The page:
My mother met with a legal aid lawyer earlier today, an attempt to fend off a student loan debt collector.
First the good news, I’m finally eligible for one of the many Sallie Mae programs—where the bulk of my student debt resides. An income based payment? That’s terrific! I’m an American college professor, so I only made $3,800 last year.
Stay in school, kids! ::wink::
Anyway, the new Monthly Payment Due for Sallie Mae is beyond reasonable. I’ll brew my own coffee, and it’s paid. Huge relief. No more phone calls over and over. Whew.
But then there’s this “NJ Class” loan.
This is the loan I was encouraged to take out at the last minute, first semester of doctoral studies, because the $13,5000 academic scholarship I was finally awarded by my university did not cover my tuition—if you can believe that bullshit.
And it was no joke. I was going to have to call off the whole doctoral program, less than a month before classes started—not enough money. Disaster.
My mother and my aunt agreed to co-sign for this “NJ Class” loan at the last minute, and at the behest of my university, to keep my career from going off the rails before it even got rolling.
My aunt hugged me and called me her favorite professor when I thanked her for the help. She’s always been there for me, all my life.
In childhood, whenever my father burst into fits of violent rage, it was my aunt’s house we ran to—get in the car…hurry!
This one time, in my ninth or tenth year, my father was trying to force his way through my aunt’s front door—there were restraining orders by then—and we stopped him. My mother, my aunt, and I—together—fought him off, pushed him down the front stairs, and locked the door. Dad stood on the front lawn for a few minutes, cursing at us through the front window. Then he got in his old blue van and drove off. Merry Christmas.
We’ve all saved each other, literally, more than once. We’re an intensely close family. Some therapists, the ones I eventually fired, have called my relationship with my family dysfunctional—the product of trauma, hyper-protective, yadda, yadda.
You get the picture.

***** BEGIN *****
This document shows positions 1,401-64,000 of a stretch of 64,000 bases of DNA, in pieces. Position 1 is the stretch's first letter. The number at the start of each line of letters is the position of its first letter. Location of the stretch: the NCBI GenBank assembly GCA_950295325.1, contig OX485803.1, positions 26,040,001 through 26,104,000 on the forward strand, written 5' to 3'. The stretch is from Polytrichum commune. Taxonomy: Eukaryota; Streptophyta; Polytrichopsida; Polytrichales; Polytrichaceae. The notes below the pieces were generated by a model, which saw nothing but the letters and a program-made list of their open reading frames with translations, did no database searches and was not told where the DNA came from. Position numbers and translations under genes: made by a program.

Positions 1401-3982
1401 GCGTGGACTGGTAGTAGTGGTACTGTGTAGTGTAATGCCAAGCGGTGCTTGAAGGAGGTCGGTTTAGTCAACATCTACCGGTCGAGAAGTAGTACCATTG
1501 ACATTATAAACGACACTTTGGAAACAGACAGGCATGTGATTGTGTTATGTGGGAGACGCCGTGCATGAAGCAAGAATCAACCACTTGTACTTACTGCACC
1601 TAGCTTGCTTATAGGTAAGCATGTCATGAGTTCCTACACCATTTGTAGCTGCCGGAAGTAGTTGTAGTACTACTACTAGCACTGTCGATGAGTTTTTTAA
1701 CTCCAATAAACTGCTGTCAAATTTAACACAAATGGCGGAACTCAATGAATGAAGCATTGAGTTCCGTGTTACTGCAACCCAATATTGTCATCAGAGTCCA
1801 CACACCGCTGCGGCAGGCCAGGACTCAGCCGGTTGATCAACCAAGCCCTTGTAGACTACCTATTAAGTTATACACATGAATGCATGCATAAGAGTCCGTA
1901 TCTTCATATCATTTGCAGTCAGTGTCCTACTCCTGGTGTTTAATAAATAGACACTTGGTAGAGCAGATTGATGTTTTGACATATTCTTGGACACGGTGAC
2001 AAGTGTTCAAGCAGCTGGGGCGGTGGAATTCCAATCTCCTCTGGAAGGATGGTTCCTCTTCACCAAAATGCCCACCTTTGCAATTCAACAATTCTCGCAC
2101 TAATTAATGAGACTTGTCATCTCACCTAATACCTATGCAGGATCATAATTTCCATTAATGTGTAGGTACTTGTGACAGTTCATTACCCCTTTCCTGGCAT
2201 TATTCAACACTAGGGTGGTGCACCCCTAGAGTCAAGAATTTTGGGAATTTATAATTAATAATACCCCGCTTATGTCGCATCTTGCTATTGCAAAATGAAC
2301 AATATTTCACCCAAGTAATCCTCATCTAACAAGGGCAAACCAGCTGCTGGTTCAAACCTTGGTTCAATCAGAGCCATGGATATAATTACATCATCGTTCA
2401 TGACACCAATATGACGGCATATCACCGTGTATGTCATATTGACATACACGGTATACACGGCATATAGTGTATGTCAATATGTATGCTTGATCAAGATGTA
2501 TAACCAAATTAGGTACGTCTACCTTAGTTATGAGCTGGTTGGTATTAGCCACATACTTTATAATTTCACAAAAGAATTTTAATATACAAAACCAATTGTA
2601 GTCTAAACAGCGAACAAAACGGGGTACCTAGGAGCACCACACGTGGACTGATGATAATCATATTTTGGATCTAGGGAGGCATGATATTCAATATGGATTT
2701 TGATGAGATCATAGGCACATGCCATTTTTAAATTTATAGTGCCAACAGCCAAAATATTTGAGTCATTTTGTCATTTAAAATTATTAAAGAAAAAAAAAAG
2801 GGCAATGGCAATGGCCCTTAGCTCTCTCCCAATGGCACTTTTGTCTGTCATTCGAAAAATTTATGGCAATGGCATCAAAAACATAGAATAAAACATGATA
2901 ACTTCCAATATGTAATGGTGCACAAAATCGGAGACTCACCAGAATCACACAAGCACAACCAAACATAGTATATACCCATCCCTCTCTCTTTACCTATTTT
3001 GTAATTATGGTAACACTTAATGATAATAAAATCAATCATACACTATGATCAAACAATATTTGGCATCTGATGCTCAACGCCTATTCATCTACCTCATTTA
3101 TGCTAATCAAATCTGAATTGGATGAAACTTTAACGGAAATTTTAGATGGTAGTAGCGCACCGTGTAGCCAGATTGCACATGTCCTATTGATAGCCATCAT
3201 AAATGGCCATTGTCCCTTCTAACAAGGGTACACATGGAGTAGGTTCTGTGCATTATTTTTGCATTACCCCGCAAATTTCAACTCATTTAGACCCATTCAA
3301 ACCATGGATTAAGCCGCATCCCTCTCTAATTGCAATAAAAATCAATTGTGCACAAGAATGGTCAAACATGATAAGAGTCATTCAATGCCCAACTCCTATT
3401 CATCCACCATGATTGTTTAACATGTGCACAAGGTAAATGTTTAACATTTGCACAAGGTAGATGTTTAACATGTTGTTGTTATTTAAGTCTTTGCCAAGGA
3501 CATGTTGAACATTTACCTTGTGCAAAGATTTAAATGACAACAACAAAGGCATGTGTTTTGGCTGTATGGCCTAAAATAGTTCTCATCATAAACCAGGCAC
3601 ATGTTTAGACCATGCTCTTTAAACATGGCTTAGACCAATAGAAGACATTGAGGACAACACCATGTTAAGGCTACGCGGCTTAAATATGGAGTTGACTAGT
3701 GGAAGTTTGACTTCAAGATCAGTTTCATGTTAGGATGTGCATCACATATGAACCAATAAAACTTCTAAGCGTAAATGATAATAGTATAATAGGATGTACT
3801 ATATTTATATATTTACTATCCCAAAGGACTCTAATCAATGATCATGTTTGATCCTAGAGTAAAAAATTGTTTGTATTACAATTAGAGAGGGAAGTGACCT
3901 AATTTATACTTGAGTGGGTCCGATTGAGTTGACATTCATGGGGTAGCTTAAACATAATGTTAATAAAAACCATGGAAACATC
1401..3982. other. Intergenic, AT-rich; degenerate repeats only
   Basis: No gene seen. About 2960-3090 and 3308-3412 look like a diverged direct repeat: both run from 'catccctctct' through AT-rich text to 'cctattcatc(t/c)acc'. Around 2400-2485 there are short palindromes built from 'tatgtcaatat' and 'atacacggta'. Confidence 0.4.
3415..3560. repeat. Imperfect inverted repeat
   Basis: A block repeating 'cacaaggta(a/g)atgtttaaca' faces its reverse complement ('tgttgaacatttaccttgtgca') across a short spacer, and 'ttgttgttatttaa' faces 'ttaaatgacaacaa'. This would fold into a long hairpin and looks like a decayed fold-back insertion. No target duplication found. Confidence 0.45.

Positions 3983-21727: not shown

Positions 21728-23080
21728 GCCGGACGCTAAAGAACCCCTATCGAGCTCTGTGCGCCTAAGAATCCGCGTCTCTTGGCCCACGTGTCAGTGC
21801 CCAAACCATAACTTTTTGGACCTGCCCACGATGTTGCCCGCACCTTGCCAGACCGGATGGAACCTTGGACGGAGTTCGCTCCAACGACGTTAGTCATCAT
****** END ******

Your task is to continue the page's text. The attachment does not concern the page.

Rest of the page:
So, anyway, when the “NJ Class” bills started coming—years later—I was unemployed. Imagine that. And when I called “NJ Class,” explained my economic situation—I was facing an eviction at the time—I was told there was no recourse: make a full minimum payment each month, or be placed into collections.
Ok, then. Place away.
And that’s exactly what happened.
Enter a typical debt collector lawyer guy. Let’s call this one DICK, for the purposes of our story, shall we? Agreed.
Dick called me one afternoon to see what I could pay him. At least that’s what he said:
“I’m callin’ to see what you can pay me.”
I explained to Dick, slowly, in un-lawyerly poetic language, that I had just received an eviction notice, and I still didn’t have a steady job. And medical bills. And food banks. Unemployed Adjunct Professor. Get the pic, Dick?
He said I oughta call him when I can pay him something. I agreed I would.
A few months later, and things were still rough. I was still grocery shopping at a food bank, but a slew of generous blog donations had prevented my eviction.
[And thank you, again, dear readers. #njpoet]
So, I wrote Dick a letter offering a small monthly payment—as much as my tightly managed budget could handle.
But, no. Dick wanted more, a lot more per month than I was offering. And he wanted bank statements, and tax returns, and stool samples, and just slow down, Dick. I’m not just handing over sensitive material because you said so. Sorry.
So, Dick sent county sheriffs to my home, and my mother’s home, and my aunt’s home, with huge stacks of stapled papers in big white envelopes—Civil Summons.
And the pages had shitty writing all over them—that slippery, slimy lawyer prose. It was the kind of document that made an intelligent person long for sudden blindness halfway through reading it. Sophist bullshit.
I laughed. How excessive. What a waste of time. Completely unnecessary. I told the entire story to the the county sheriff who came to my home, and he laughed with me. Silly. He had about a hundred of these Civil Summons envelopes piled on his passenger seat.
But it did manage to scare my mother. It scared her quite a bit, unfortunately. That was the first time she called me crying about all of this.
Today, after her visit to legal aid, was the second tearful call, since now my mother—my sick mother with the intestinal illness that’s aggravated by stress—is actually worried that I might be going to prison over a student loan debt.
Which is a silly thing to worry about, sure, but that’s what my mother was apparently led to believe by this legal aid lawyer she spoke to today. If we don’t start making Dick’s monthly payments, he’ll lock me up. That was the story, on the phone this afternoon.
But mom exaggerates, so we’ll see.
The legal aid lawyer said she’ll let us know—in about a week—if Dick will accept our new offer, a monthly payment that is more than we can afford, sure, but my mother just wants this to be over with.
At least that’s what she just said when she called me about ten minutes ago.
“I just want this to be over.” she sighed. “I can’t take much more of this.” She was crying again.
And that makes three times they’ve made my mother cry from fear.
Stay calm, poet. Stay calm.